During the past ten years Roland Hayes, a black boy from Tennessee, has given evidence by his tenor voice of the "flowers of purest ray serene" which lie hidden in the "dark, unfathomed caves" of Negro life. Hayes was "discovered" by a friend who sent him to a missionary college at Nashville, Tenn., established and supported by one of the Northern missionary associations. Some friends found further openings with one of the best music teachers of Boston. Hayes has a tenor voice which musical critics declare has possibilities for grand opera. His face is black, and therefore no American manager has dared to take him. Two years ago he went to England There he has been received by leading musical artists and critics. Recently he was invited by His Majesty to sing at Buckingham Palace. Not only did he sing the Negro "spirituals," to the delight of the royal family, but his rendition of some of the great classical works called forth praise from the King, who, as a token of appreciation, presented him with a diamond pin bear-ing the royal insignia.

Space does not permit a description of the work of other singers such as Mrs. Florence Cole Talbert, a soprano praised by the best judges, Madam Azalea Hack-ley, who delighted many American audiences, and Albert Greenlaw, whose bass voice a vocal expert called the most nearly perfect voice he had ever heard. Raymond Augustus Lawson, Helen Hagan, and Hazel Harrison as pianists; Clarence Cameron White, Joseph Douglass, a grandson of Frederick Douglass, and Kemper Harrold as violinists; Will Marion Cook and James Reese Europe as orchestral leaders, are examples chosen from a number of promising persons of color who have made commendable records, even under the tremendous color handicaps in America. No claim is here made that Negroes outstrip other people in music. We recall, however, that many leading musical authorities have declared that the Negro has produced in his folk-songs the only original American music. We may surmise what a musical contribution many members of this race will make to America and to the world when full-fledged opportunity is given them.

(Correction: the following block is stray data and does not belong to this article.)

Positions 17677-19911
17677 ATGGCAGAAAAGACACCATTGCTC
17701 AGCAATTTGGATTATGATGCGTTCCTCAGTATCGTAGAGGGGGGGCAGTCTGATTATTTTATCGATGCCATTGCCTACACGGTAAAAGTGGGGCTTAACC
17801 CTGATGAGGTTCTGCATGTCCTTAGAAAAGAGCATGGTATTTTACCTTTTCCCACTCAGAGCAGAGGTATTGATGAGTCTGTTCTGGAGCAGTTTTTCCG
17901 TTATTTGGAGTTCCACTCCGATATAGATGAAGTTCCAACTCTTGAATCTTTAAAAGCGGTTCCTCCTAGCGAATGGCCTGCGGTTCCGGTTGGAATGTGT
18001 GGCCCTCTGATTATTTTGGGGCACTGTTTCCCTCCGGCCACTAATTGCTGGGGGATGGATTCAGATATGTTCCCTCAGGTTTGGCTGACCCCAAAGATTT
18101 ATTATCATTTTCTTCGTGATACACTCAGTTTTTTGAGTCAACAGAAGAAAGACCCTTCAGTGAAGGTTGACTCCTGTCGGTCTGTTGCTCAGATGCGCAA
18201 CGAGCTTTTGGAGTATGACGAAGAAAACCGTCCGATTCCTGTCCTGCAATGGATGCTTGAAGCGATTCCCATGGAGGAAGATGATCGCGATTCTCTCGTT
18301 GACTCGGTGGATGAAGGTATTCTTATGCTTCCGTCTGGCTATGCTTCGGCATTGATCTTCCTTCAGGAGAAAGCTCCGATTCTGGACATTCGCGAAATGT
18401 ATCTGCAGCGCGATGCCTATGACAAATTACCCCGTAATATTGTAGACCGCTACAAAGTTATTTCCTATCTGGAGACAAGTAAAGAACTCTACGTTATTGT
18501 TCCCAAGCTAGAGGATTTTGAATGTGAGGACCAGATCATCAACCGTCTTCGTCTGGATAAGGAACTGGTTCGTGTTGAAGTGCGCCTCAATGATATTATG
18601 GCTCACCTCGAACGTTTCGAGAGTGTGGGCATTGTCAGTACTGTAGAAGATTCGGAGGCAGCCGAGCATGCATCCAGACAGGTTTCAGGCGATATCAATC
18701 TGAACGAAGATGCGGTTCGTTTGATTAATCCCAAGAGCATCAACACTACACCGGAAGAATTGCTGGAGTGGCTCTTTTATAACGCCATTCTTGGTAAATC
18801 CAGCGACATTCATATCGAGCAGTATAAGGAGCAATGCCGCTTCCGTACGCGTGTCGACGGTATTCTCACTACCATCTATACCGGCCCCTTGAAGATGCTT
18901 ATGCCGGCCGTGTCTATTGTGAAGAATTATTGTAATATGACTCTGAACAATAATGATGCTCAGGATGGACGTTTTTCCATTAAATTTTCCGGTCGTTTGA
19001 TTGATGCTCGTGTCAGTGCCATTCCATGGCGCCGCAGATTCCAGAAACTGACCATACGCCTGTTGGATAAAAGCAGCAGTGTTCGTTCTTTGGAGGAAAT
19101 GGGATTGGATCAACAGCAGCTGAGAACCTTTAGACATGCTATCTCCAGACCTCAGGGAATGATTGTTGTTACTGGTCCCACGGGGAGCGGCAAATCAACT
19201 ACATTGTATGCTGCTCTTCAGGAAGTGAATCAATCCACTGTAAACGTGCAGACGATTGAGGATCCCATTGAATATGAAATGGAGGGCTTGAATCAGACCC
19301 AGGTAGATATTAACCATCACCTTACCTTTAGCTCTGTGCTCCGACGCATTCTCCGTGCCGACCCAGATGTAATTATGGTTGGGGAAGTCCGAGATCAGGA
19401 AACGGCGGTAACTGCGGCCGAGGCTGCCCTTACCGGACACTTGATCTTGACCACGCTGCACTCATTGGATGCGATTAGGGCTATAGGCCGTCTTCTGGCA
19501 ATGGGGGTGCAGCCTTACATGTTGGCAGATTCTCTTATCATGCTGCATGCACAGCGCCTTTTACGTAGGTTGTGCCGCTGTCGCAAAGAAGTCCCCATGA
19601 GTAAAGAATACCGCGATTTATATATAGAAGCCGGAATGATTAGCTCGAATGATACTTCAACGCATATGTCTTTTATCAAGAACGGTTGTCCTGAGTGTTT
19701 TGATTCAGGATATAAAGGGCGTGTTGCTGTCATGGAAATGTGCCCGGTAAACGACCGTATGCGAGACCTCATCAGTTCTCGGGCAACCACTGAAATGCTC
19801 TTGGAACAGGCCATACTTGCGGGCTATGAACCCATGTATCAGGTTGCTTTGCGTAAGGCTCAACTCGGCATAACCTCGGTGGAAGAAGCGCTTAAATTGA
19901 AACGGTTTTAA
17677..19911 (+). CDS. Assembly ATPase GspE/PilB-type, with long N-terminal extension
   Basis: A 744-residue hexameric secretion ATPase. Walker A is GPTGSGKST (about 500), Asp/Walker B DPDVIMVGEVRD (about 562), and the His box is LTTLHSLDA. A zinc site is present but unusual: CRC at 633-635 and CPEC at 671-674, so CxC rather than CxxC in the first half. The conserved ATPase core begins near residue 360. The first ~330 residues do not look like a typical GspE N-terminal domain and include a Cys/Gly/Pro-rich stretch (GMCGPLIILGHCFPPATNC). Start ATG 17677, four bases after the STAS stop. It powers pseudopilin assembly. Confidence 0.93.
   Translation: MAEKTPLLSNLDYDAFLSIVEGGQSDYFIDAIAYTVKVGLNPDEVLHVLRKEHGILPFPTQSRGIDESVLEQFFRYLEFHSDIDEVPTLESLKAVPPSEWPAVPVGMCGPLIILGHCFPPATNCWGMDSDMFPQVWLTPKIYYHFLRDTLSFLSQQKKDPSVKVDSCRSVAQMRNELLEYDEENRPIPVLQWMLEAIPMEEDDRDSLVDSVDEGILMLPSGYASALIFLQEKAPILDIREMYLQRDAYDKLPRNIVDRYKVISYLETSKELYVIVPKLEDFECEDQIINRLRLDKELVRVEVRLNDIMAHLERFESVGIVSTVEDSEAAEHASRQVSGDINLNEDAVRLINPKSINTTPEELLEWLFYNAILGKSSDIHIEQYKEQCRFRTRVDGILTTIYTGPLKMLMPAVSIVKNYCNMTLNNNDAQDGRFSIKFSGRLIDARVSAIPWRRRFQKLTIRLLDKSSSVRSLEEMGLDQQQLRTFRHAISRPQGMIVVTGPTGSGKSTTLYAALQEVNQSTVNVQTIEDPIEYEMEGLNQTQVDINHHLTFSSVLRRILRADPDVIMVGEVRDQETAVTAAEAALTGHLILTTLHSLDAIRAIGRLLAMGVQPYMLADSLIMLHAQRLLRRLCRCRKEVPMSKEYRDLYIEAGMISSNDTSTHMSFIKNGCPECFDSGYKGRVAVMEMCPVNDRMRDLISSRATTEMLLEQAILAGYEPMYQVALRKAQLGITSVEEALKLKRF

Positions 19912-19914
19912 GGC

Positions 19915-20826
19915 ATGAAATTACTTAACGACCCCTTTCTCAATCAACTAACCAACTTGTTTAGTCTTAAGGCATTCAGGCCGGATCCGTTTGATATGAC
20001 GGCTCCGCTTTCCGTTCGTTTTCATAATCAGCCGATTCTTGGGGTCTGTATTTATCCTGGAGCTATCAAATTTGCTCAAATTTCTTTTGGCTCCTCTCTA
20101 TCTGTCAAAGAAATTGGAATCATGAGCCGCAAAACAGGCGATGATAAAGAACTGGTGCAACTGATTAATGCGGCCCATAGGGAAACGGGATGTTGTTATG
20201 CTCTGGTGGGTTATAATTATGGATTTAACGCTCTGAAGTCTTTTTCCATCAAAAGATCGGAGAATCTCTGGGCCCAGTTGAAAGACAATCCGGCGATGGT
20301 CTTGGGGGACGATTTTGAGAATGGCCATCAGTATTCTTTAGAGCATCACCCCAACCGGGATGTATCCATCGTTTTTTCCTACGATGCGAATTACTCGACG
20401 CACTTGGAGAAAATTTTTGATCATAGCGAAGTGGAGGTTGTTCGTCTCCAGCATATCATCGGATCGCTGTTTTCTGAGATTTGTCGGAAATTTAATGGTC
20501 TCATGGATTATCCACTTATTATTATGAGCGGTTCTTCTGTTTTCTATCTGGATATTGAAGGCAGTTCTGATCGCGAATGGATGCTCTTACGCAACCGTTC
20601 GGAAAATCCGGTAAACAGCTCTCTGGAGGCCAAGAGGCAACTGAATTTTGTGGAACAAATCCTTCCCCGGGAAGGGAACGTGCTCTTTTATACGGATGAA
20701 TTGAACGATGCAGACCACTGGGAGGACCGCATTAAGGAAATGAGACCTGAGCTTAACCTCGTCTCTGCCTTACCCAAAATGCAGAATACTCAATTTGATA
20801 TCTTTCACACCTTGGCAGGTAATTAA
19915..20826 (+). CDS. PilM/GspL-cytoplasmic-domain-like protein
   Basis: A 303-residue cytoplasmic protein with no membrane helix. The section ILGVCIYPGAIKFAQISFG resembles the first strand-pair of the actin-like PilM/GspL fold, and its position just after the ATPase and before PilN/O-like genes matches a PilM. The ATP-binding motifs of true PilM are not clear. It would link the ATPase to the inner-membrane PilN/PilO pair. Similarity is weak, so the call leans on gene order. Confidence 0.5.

This music of the Negro soul has a rhythm which pulsates in his muscular movement even when he walks and works. Any one who wishes may observe a gang of Negro laborers keeping time at their work while a strawboss or "caller" sings some rhythmic, syncopated tune. A similar rhythm may be observed among Negro stevedores trotting in and out of a vessel they are loading, or among freight handlers in large warehouses. Khrebiel, the noted critic, says that this rhythm with a pristine, plaintive melody is the dominant characteristic of native African music. McMaster, in describing the slaves of the early eighteenth century, says: "Of music and the dance they were passionately fond. With fragments of a sheep's rib, with a cow's jaw or a piece of iron, with an old kettle or a bit of wood, with a hollow gourd and a few horse hairs, they would fabricate instruments of music and play the most plaintive airs." The "cake walk" which Negroes perform for the amusement of white patrons at pleasure resorts is a rhythmical expression of harmony between supple muscles and musical minds. The "rocking" and "shouting" of popular church gatherings among Negroes are responses through motion to the waves of rhythmic emotion sweeping through brain and nerve.1 Many of the "spirituals" are improvised at such meetings as vocal expressions by means of which the members of the congregation keep time in their movements.